Checking In On A Couple Who Plan To Weather The Storm
SCOTT SIMON, HOST:
And of course back to the major story of the day - watching and waiting for Hurricane Irma. Lisa (coughing) and Stan Heiblum - forgive me - have decided they will stay in their home in Kendall in Miami-Dade County. Stan Heiblum joins us on the phone now.
Mr. Heiblum, thanks for being with us.
STAN HEIBLUM: Thank you.
SIMON: How do you feel?
HEIBLUM: I feel much better hearing the latest reports about Irma staying west, although I feel bad for the people on that coast, obviously. But, you know, we're kind of glued to the reports. And hopefully, it doesn't move back east.
SIMON: Yeah. But you - I mean, you could still put up with a lot. I'm thinking your power could go out. You could have a problem with your...
SIMON: ...Plumbing, a lack of food, you know.
HEIBLUM: Yes. Well, certainly, the power we expect to go out. And after Andrew, that was a big part, where we were out of power for more - for weeks. Some people were out of power for weeks. So that certainly is something we're kind of prepared for, although not happy about.
HEIBLUM: And foodwise, we have what we think is enough food to get by for at least a week.
SIMON: Well, how do you prepare for something like this, Mr. Heiblum?
HEIBLUM: Well, you have to - you know, in our house, we have shutters. So you have to put up shutters. You have to go shopping. You have to try not to freak out when you see the storm and the way it's shown on TV and, you know, the unfortunate impacts on the Caribbean and other islands. So a lot of it is not only the physical preparation, which takes a lot of work, but it's also the mental preparation.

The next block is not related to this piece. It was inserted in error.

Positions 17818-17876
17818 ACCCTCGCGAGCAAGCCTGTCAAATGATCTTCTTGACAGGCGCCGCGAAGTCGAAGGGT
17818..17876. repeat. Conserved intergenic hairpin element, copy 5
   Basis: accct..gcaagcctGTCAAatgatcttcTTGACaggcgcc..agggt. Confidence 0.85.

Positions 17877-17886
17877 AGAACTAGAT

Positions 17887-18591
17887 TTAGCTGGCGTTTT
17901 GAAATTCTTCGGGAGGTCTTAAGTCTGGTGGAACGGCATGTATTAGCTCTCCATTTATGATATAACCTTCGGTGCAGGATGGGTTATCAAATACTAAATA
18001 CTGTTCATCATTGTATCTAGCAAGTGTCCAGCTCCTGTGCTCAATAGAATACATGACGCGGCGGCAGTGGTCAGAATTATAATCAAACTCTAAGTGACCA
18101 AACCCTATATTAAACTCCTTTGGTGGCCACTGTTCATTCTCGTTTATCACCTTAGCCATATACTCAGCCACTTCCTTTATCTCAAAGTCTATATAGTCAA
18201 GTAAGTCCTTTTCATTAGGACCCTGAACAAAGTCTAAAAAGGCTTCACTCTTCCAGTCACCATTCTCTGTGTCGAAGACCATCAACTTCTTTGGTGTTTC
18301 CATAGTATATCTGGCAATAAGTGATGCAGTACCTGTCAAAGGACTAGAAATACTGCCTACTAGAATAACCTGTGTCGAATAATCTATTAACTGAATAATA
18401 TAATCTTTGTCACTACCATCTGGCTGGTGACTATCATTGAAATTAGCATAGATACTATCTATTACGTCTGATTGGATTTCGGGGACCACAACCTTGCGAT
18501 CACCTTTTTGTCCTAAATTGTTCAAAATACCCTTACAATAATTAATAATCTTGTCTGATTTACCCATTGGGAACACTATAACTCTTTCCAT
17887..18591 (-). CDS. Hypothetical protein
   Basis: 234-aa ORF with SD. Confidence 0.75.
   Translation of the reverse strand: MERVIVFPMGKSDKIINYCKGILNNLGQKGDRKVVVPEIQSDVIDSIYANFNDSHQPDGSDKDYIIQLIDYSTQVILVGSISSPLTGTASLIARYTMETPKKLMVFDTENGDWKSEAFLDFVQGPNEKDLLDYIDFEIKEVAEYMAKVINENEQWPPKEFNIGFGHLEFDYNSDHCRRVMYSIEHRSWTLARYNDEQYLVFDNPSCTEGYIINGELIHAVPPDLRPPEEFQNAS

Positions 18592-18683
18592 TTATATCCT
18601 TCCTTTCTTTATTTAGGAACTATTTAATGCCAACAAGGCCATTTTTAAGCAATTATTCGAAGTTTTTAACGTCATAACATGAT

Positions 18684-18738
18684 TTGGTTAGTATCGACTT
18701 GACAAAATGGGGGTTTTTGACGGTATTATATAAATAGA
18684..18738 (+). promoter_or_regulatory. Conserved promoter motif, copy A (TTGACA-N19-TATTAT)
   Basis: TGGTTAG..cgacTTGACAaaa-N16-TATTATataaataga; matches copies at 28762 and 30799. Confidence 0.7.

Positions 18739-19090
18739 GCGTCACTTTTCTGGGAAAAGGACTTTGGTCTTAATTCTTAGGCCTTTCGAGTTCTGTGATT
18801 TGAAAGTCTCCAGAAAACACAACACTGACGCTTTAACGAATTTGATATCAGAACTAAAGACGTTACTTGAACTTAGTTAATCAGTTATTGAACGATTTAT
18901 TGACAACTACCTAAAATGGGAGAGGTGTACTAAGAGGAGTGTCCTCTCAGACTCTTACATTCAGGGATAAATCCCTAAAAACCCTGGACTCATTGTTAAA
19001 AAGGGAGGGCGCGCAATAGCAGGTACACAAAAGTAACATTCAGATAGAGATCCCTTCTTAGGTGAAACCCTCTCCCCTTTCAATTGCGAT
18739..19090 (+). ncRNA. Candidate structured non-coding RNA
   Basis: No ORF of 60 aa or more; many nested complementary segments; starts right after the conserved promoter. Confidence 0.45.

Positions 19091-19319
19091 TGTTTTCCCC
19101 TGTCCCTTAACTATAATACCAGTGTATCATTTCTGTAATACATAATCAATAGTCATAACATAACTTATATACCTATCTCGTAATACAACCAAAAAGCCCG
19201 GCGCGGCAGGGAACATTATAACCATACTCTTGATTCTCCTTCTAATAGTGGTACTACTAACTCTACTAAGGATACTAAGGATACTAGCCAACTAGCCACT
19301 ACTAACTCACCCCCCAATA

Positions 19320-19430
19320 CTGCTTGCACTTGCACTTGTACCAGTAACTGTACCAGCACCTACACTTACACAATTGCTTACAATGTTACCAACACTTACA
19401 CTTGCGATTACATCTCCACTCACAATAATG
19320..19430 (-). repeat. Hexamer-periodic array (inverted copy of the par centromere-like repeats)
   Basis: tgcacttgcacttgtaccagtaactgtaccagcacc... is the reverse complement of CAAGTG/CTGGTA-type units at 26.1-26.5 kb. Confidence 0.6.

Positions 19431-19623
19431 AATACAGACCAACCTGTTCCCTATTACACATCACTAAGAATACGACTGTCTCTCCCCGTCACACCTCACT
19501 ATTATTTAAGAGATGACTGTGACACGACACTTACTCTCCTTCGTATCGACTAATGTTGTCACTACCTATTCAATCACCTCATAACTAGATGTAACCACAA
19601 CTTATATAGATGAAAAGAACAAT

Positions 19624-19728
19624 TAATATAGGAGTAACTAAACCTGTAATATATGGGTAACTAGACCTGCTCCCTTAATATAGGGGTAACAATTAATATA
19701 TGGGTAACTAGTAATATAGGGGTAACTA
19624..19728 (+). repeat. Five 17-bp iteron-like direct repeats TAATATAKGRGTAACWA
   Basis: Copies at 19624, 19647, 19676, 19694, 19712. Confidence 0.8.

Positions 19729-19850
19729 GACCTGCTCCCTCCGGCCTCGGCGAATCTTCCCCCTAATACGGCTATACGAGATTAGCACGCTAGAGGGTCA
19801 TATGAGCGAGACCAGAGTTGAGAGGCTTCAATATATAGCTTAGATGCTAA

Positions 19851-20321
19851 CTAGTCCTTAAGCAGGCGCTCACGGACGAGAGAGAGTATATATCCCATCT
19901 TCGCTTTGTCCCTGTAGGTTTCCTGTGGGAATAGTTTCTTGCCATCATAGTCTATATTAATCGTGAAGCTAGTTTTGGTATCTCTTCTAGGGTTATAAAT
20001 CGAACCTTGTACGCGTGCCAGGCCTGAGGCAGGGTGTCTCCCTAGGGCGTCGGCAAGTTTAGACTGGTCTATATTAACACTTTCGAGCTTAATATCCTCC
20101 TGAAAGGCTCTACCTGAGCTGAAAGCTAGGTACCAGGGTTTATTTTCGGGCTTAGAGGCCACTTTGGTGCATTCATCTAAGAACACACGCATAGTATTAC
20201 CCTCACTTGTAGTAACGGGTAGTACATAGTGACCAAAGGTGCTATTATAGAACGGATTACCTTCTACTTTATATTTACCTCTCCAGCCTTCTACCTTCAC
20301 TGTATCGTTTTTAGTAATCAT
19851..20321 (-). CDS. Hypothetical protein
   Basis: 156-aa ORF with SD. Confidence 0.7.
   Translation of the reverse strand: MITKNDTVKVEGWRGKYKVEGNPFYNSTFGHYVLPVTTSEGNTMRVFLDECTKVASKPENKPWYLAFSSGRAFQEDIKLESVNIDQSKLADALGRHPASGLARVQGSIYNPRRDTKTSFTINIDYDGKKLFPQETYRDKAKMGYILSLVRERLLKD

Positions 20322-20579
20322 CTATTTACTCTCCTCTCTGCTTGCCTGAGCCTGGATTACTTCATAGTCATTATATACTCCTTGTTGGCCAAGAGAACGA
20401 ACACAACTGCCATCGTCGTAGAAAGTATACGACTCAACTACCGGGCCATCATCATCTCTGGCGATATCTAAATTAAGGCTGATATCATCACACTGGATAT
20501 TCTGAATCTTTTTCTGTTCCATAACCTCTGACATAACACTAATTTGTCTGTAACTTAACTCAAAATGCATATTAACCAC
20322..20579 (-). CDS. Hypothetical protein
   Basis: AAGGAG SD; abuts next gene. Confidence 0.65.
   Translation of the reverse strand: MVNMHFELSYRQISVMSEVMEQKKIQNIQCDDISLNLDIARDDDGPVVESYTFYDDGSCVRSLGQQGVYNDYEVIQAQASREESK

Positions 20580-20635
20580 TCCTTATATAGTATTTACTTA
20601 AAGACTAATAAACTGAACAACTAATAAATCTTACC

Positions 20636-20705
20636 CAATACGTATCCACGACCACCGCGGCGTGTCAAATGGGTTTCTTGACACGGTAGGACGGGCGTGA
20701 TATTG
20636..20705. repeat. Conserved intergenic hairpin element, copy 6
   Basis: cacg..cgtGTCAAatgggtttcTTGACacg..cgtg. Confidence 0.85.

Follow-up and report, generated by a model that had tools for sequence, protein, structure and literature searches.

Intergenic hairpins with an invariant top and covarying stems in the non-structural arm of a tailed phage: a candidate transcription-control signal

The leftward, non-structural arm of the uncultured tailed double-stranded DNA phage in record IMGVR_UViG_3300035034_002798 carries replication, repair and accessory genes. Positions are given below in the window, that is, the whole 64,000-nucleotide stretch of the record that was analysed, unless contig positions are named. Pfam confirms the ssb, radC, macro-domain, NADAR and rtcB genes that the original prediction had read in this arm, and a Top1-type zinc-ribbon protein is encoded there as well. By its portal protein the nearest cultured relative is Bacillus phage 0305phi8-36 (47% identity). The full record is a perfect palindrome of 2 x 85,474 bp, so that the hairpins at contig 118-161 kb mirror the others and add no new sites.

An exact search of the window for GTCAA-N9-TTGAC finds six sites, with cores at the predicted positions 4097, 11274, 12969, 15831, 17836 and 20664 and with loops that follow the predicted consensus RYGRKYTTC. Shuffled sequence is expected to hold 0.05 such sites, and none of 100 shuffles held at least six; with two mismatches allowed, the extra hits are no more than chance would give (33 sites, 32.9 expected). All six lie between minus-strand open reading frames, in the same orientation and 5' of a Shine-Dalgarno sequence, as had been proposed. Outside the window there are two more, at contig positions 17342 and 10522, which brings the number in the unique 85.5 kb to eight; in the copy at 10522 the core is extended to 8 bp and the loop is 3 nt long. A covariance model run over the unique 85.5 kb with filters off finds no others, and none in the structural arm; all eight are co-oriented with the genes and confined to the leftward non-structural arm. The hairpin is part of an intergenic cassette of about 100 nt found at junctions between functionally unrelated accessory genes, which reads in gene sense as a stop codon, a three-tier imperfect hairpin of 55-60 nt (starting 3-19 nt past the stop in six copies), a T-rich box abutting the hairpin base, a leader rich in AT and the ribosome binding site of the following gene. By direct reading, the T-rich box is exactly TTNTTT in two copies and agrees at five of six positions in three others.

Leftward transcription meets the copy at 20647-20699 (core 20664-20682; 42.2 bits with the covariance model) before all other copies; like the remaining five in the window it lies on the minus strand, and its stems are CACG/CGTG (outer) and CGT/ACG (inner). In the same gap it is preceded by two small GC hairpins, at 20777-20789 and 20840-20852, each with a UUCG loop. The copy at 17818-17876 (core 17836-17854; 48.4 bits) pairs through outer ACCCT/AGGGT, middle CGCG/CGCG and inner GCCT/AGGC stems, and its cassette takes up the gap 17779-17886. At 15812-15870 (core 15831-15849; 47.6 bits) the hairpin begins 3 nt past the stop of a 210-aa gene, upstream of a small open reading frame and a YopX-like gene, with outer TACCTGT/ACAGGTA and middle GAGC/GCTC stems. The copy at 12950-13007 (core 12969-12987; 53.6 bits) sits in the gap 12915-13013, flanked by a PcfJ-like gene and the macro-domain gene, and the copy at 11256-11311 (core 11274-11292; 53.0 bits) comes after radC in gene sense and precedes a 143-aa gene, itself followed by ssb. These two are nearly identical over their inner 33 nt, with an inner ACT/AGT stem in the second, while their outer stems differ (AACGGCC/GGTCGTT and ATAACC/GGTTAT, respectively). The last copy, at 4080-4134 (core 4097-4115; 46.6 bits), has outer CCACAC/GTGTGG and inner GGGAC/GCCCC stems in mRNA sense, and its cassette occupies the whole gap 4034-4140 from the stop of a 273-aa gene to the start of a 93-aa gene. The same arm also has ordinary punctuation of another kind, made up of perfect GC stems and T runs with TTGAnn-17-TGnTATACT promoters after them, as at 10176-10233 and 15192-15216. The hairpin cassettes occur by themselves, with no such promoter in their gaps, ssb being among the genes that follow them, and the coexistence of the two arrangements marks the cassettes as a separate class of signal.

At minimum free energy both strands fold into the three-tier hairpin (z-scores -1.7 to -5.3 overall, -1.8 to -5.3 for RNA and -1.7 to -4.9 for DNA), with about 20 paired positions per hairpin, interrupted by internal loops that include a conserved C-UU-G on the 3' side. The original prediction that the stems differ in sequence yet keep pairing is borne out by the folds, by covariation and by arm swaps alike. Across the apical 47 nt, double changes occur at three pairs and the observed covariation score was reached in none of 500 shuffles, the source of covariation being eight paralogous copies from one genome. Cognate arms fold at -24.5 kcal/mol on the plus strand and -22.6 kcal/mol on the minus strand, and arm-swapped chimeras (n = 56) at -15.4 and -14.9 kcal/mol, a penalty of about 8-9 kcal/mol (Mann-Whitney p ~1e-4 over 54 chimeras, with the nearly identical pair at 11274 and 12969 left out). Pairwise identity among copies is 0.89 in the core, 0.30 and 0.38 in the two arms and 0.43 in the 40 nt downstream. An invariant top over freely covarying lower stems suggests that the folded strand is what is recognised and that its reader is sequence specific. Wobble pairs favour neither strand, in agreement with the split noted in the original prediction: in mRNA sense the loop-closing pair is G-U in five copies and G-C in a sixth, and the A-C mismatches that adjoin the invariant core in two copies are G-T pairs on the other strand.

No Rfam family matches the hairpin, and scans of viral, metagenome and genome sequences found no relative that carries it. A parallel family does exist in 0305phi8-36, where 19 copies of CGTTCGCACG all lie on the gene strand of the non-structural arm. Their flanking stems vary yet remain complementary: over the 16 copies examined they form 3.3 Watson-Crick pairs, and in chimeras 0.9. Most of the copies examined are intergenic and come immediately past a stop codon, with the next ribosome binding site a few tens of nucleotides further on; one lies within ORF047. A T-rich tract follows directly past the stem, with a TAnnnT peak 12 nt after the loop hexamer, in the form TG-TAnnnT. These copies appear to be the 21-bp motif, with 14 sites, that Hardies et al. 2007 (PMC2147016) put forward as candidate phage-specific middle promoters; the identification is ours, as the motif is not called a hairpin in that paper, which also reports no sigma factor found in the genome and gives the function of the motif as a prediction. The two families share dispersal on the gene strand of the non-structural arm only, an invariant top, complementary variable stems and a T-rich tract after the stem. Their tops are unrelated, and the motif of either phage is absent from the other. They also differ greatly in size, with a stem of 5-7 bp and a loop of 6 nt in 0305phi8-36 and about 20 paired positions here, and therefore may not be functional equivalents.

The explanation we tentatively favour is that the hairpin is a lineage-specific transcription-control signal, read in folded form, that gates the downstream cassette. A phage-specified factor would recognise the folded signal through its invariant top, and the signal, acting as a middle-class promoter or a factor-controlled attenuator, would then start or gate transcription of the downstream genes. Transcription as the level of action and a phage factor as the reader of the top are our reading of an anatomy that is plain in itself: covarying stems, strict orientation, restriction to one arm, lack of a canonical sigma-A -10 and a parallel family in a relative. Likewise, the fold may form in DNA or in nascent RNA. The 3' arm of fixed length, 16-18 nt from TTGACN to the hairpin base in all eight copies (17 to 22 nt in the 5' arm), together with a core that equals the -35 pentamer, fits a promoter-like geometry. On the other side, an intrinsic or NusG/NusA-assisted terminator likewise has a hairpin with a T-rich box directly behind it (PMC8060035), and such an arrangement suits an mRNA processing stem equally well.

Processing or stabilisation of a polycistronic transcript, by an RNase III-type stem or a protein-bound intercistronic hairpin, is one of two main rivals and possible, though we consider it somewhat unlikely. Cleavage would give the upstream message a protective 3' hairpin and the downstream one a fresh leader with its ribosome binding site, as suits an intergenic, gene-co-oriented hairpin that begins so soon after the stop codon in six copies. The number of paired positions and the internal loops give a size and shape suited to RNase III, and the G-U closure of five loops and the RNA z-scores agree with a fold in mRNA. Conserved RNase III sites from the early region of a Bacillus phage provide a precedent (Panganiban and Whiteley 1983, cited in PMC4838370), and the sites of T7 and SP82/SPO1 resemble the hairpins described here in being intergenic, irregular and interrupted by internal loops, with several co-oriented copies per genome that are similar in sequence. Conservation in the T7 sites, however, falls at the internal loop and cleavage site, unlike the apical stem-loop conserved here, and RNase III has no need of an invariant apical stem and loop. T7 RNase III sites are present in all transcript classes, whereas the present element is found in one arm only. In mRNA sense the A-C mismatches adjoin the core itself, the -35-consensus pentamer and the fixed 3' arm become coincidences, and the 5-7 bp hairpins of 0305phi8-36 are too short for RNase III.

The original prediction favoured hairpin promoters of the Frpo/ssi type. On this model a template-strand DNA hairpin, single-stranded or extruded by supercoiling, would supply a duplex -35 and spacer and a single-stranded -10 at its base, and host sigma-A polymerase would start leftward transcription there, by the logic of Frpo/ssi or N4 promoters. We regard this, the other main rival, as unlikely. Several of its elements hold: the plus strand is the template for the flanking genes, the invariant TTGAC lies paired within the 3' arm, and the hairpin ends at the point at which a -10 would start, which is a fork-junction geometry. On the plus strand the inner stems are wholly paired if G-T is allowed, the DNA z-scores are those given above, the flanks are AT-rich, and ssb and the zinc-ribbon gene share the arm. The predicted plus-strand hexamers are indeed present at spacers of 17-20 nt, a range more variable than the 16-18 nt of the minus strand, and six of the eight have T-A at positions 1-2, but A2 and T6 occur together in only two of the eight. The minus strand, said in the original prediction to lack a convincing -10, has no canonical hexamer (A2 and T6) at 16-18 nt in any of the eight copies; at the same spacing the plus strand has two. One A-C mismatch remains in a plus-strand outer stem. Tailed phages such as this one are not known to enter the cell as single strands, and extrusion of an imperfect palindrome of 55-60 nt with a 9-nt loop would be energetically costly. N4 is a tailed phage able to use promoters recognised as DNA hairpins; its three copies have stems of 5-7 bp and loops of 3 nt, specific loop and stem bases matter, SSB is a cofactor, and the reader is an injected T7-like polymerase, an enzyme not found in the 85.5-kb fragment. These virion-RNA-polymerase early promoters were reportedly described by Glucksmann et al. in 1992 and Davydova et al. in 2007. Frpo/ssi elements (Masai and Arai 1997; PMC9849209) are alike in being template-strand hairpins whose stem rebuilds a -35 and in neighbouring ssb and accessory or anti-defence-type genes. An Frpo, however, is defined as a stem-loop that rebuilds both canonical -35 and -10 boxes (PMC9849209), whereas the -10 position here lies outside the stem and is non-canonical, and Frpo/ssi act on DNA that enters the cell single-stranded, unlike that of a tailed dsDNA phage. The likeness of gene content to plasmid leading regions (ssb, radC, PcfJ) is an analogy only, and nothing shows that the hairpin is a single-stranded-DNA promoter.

SIMON: May I ask, sir, did you and your wife just not want to stay in a shelter, didn't want to get in the car in a huge traffic jam, didn't want to try and fly - why'd you decide to stay?
HEIBLUM: Well, my mom is - I have my mom, who is nearby. And she's 94 years old.
HEIBLUM: And she felt more comfortable staying. We didn't feel like, if we left, we'd be able to get back here. Because of the potential impacts, it could be a week or more that you'd get back, so we felt uncomfortable. We have dogs who we wouldn't leave. And then we'd have to travel. And we're also not in an evacuation zone. So I think a lot of people listening to the news thinks all of Florida is being evacuated. It's not true. It's where the storm surges are. It's where you're close the water. It's where you have certain risks. We're not in any of those areas.
SIMON: Stan Heiblum of Kendall, Fla., who's going to stay, whatever happens, as Hurricane Irma arrives.
Mr. Heiblum, thanks very much for being with us. And good luck to you over these next few days, sir.
HEIBLUM: Thank you. I enjoy NPR. And thank you for calling.
(SOUNDBITE OF MUSIC)
SIMON: Well, thanks for that, too.
NPR transcripts are created on a rush deadline by Verb8tm, Inc., an NPR contractor, and produced using a proprietary transcription process developed with NPR. This text may not be in its final form and may be updated or revised in the future. Accuracy and availability may vary. The authoritative record of NPR’s programming is the audio record.